Skimmers are electronic devices attached to gas pumps and used to illegally obtain customers' payment card information. Police also claimed to find tools used to install devices like these during their search, and two matching devices actually installed in the gas pumps at the station the men had just left. Skimmers were also found at two other area gas stations.

Why are there so many serious teen car crashes?

The Centers for Disease Control and Prevention gathers statistics on traffic accidents, and included in the information they maintain is data sorted by age group. The statistics related to teenage drivers aged 16 to 19 are troubling.

The good news is that there are steps parents can take to help educate young drivers so that they have a chance to avoid dangerous situations.

Can defense challenge polygraph test results?

Last month on our blog, we noted a story involving a Florida man's use of a polygraph test to try to clear himself from accusations of sexual misconduct. While the story helped to highlight the relatively limited situational use of the polygraph test, some readers may be left with questions about the accuracy of a polygraph in the criminal law context: is the test infallible? What happens if errors are made? To answer these questions, we'll turn to the American Polygraph Association, with the understanding that the information is intended to be general in nature only and not specific legal advice.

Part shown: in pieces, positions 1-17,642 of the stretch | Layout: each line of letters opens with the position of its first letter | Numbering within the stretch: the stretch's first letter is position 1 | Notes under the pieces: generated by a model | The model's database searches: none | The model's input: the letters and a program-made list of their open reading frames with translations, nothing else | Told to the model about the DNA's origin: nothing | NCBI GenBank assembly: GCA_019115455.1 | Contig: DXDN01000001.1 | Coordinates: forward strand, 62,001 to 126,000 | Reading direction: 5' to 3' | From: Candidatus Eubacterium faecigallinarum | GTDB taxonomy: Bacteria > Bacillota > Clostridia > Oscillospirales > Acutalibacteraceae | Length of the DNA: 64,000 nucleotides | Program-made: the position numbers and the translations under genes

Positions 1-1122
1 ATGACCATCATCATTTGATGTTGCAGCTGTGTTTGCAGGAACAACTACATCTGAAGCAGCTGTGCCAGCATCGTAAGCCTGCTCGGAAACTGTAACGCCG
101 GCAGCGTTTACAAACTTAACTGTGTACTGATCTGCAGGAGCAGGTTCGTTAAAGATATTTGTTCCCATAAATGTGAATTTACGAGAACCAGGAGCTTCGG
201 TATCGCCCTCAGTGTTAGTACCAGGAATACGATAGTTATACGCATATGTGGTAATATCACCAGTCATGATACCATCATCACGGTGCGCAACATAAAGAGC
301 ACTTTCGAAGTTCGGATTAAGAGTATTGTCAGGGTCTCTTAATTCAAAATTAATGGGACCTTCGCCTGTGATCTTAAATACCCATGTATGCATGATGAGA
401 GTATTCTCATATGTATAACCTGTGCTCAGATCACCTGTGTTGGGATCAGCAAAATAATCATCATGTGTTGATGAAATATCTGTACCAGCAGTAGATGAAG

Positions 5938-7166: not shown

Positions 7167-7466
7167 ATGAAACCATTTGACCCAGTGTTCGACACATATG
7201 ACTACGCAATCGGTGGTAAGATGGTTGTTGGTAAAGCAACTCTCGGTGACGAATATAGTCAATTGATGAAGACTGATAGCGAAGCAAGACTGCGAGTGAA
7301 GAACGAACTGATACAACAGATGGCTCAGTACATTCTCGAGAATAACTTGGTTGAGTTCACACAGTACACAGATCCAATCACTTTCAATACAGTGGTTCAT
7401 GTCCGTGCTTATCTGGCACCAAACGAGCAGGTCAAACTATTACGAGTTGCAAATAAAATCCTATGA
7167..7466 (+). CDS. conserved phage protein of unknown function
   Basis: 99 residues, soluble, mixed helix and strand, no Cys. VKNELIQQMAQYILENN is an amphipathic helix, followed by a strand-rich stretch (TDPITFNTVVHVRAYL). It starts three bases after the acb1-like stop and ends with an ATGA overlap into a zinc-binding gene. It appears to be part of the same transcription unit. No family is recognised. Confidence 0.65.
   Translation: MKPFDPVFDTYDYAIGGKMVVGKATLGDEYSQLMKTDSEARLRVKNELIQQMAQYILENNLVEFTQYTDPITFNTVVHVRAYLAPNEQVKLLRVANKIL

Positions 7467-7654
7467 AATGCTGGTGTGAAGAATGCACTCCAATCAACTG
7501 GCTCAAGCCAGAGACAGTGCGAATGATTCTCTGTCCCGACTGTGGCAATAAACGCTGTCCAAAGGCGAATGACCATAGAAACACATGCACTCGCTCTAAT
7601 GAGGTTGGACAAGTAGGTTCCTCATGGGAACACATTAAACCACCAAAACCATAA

According to the American Polygraph Association, errors can occur during the test despite its relatively high degree of accuracy. An examiner may have failed to give the subject clear instructions or otherwise help him or her prepare as necessary for the test. The examiner may also fail to correctly interpret the data provided on the polygraph charts regarding the subject.

More and more guns being detected at Florida airports

When Florida residents think of airports, they likely think of tourists, business people, lots of luggage and domestic and international travel. One thing you don't think about, at least when it comes to travelers, are guns. While it is legal for airline passengers to travel with handguns, there are specific requirements that must be met. Failure to meet these could land an individual with a criminal charge and serious penalties.

According to recent reports, more and more airline passengers are carrying guns when they go to the airport. The Tampa International Airport leads in the state of Florida when it comes to guns found at the airport. This year alone, 86 guns have been uncovered. In comparison, 79 were located in 2016.

Contact

D. Scott Rieth
9040 Town Center Parkway, Suite 204A
Bradenton, FL 34202